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    ABSTRACT: To integrate data on the performance of cervical length measurement for the prediction of preterm birth in symptomatic women. MEDLINE, SCOPUS and manual searches for studies with transvaginal ultrasound measurement of the cervical length in symptomatic women were carried out. Random effects models were used for data integration, and pooled test estimates of sensitivity, specificity, and positive and negative likelihood ratios (LR+ and LR-) were calculated along with their 95% CIs. Twenty-eight studies fulfilled the selection criteria. For birth within 1 week from presentation, the pooled sensitivity, specificity, LR+ and LR- of cervical length < 15 mm were 59.9% (95% CI, 52.7-66.8%), 90.5% (95% CI, 89.0-91.9%), 5.71 (95% CI, 3.77-8.65) and 0.51 (95% CI, 0.33-0.80), respectively. The same estimates for studies with presentation at or before 34 + 0 weeks were 71.0% (95% CI, 60.6-79.9%), 89.8% (95% CI, 87.4-91.9%), 5.19 (95% CI, 2.29-11.74) and 0.38 (95% CI, 0.11-1.34), respectively. For prediction of birth before 34 weeks, the pooled sensitivity, specificity, LR+ and LR- of cervical length < 15 mm were 46.2% (95% CI, 34.8-57.8%), 93.7% (95% CI, 90.7-96.0%), 4.31 (95% CI, 2.73-6.82) and 0.63 (95% CI, 0.38-1.04), respectively. There was considerable heterogeneity across studies in most estimates. Measurement of cervical length in symptomatic women can detect a significant proportion of those who will deliver within 1 week and help to rationalize their management. The considerable heterogeneity across studies may be indicative of methodological flaws, which either were not reported at all or were under-reported.
    Ultrasound in Obstetrics and Gynecology 12/2009; 35(1):54-64. · 3.56 Impact Factor
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    ABSTRACT: As knowledge of regional human papillomavirus (HPV) type distribution is essential for the optimization of prevention strategies, this study was carried out to explore the prevalence and type distribution of high-risk HPV in a screening population across Greece. Cervical samples were collected by local physicians and nurses in hospitals and health centers across the country from 4139 women attending for cervical cancer screening. High-risk HPV-DNA was detected by using Hybrid Capture-2 (HC2) and positive samples with adequate cellular content were further typed by restriction fragment length polymorphism-polymerase chain reaction. Almost six percent (5.9%) of women tested positive in HC2. The most common type was HPV16 (1.4% in the whole sample and 32.4% of the typed samples), followed by HPV53 (0.6 and 14.0%, respectively), HPV31 (0.6 and 12.9%, respectively), HPV35 (0.5 and 12.3%, respectively), HPV51 (0.4 and 7.8%, respectively), HPV18 (0.3 and 7.3%, respectively) and 22 more types. Almost 15% of the typed samples showed a coinfection with two HPV types and 2.1% with three types. There was a bimodal distribution by age, with the highest peak in women 20-29 years old and a lower peak in women 50-59 years old. Apart from the types originally included in HC2 cocktail, PCR analysis identified 15 more types (HPV6, HPV11, HPV34, HPV37, HPV38, HPV42, HPV53, HPV54, HPV55, HPV61, HPV62, HPV66, HPV73, HPV82, HPV83). Eleven percent of HC2-positive results arose from single-type infections with HPV53 (10%) and HPV66 (1%), which are potentially high-risk types. In conclusion, HPV16 is the most common type in the largest Greek screening sample used to date and, together with its related types, accounts for more than half of high-risk HPV infections. Approximately 10% of positive HC2 results arise from HPV53, which is not normally detected by the test, but may be clinically significant.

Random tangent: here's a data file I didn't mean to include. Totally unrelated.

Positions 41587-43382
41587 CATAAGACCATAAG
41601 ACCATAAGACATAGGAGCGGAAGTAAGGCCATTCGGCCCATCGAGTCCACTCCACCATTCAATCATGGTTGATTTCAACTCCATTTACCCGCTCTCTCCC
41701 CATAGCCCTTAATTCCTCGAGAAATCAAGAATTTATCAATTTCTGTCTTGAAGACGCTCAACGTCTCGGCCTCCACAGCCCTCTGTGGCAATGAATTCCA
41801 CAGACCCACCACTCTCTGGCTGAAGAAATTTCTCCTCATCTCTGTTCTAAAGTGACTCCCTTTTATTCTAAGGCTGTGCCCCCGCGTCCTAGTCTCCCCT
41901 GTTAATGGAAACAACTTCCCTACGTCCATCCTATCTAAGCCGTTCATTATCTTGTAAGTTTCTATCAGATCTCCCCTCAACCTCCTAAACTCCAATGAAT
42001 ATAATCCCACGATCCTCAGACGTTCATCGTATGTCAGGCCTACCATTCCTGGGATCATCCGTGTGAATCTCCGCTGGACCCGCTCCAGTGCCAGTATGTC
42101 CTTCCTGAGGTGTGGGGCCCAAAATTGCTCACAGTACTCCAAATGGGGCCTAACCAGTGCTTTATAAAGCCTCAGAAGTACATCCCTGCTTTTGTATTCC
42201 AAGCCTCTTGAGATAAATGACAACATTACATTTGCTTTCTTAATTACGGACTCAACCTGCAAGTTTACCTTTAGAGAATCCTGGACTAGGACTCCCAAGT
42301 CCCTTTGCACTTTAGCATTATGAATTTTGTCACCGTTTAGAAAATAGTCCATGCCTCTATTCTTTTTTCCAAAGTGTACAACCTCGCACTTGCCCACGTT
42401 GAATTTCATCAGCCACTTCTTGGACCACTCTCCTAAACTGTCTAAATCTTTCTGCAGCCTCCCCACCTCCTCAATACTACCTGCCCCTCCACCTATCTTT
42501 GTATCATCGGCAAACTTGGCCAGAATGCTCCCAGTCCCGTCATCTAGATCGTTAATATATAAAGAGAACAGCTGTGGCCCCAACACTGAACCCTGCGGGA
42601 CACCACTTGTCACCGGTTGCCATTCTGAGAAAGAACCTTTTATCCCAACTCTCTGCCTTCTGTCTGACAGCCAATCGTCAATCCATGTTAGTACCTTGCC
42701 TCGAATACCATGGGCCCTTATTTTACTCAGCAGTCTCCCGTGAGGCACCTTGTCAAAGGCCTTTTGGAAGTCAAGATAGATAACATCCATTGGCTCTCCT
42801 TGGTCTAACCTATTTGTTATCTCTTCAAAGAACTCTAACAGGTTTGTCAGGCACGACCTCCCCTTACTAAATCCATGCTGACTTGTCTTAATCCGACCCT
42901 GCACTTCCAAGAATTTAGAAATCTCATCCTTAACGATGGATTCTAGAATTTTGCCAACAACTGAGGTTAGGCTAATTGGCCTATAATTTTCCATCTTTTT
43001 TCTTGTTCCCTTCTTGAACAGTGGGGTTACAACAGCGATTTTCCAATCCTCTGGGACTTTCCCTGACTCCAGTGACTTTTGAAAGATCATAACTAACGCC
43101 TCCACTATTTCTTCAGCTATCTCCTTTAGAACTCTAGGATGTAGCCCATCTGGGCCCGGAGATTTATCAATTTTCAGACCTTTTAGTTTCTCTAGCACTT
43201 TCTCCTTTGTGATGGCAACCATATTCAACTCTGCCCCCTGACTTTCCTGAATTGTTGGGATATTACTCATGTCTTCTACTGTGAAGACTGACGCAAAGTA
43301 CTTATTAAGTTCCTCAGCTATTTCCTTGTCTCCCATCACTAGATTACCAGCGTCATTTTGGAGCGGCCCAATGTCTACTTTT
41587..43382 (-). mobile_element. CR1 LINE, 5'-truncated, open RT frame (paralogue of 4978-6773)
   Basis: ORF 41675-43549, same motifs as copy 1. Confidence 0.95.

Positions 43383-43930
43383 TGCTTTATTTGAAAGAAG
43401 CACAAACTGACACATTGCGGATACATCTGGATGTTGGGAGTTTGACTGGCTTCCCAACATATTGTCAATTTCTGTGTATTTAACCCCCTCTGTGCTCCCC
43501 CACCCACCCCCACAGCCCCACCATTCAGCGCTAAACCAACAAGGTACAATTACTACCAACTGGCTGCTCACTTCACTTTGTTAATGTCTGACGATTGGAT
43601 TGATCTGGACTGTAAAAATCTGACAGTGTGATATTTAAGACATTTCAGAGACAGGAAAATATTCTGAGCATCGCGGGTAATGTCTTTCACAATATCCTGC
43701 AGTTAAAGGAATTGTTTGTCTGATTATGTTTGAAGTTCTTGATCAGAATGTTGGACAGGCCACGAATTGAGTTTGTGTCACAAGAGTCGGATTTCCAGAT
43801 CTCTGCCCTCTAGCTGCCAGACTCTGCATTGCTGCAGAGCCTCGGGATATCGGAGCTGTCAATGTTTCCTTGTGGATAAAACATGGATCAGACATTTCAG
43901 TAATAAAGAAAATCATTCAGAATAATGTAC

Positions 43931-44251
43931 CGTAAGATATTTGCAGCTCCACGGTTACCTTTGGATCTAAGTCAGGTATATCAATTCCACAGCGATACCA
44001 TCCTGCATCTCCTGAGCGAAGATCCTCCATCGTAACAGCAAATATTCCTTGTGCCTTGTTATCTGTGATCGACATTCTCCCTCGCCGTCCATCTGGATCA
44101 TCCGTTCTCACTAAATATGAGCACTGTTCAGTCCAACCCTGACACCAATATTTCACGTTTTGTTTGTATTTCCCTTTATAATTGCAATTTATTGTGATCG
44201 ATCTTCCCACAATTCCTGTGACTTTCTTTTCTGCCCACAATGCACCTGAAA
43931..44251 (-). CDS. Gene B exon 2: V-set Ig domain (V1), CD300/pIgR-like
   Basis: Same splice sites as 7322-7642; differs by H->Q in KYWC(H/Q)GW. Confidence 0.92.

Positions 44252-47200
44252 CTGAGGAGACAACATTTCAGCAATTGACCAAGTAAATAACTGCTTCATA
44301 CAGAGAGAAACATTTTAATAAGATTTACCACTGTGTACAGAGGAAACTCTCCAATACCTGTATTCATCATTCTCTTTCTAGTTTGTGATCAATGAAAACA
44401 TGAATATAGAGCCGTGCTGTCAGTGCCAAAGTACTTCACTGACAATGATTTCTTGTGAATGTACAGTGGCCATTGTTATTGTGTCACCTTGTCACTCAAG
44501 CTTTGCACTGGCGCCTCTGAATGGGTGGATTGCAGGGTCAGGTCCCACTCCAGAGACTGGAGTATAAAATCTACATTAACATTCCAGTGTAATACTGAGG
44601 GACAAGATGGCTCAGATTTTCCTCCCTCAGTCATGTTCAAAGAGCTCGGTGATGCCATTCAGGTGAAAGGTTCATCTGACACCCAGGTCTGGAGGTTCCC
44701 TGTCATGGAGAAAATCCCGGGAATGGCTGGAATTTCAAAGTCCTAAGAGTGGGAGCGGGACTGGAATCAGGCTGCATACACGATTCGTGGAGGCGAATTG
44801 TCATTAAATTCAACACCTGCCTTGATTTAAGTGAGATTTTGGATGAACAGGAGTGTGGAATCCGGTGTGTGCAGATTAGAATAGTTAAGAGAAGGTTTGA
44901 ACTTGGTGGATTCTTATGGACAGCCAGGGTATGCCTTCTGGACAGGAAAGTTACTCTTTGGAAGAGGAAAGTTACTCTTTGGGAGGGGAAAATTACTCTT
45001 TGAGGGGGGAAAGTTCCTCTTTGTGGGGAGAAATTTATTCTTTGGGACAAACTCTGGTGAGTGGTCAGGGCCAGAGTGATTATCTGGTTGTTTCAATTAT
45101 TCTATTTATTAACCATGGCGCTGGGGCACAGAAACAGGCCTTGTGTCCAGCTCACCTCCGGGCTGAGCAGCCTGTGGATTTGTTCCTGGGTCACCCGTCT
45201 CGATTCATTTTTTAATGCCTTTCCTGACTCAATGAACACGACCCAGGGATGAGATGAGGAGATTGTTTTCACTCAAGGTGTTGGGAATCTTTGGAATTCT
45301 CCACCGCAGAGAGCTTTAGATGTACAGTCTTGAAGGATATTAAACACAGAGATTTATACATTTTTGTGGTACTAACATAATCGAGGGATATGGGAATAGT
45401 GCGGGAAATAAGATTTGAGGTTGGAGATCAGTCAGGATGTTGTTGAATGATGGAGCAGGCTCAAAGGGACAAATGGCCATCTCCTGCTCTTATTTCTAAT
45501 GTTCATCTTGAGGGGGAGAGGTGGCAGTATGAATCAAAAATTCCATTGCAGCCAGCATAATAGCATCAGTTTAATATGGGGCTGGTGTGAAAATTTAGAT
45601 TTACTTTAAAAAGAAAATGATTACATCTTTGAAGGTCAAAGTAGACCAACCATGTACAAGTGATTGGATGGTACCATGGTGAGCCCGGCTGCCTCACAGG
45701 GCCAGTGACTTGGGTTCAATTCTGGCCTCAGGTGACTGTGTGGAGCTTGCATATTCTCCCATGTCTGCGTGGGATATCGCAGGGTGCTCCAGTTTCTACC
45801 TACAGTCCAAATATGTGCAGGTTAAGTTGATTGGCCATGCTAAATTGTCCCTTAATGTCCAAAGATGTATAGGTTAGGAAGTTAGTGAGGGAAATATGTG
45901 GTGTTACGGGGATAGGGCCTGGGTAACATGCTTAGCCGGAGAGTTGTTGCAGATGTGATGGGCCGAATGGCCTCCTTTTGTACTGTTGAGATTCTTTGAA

European Journal of Cancer Prevention 10/2009; 18(6):504-9. · 2.97 Impact Factor
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    ABSTRACT: To assess the predictive performance of cervical length measurement at presentation and 24h later in women with symptoms of preterm labour. Cervical length was measured transvaginally at presentation and 24 hours later in 122 women presenting with threatened preterm labour between 23 and 33+6 gestational weeks. Six women delivered within 1 week of presentation. The sensitivity and specificity of a cervical length <15 mm at admission for delivery within one week was 83.3 and 95.8%, respectively. A reduction of >20% in cervical length 24h after admission predicted 50% of preterm deliveries within 1 week, with a specificity of 92.7%; in combination with cervical length at presentation it did not improve the prediction. The same was observed for birth before 32 weeks (N=9) and birth before 35 weeks (N=15). Women with threatened preterm labour and a cervical length of <15 mm at presentation are at high risk of delivering preterm. Cervical change in the following 24 hours does not seem to improve the prediction.
    European journal of obstetrics, gynecology, and reproductive biology 09/2009; 148(1):17-20. · 1.97 Impact Factor

Publication Stats

800 Citations
186.10 Total Impact Points

Institutions

  • 2011–2014
    • Aristotle University of Thessaloniki
      • Department of Obstetrics and Gynecology IV
      Saloníki, Central Macedonia, Greece
  • 2012–2013
    • General Hospital Thessaloniki
      Saloníki, Central Macedonia, Greece
  • 1999–2009
    • University Hospital of Ioannina
      Yannina, Epirus, Greece
  • 2007
    • King's College Hospital NHS Foundation Trust
      Londinium, England, United Kingdom
  • 2005
    • King's College London
      Londinium, England, United Kingdom
  • 2004
    • Kettering General Hospital NHS Foundation Trust
      Кеттеринг, England, United Kingdom
  • 1998–2004
    • University of Ioannina
      • Division of Obstetrics-Gynaecology
      Yannina, Epirus, Greece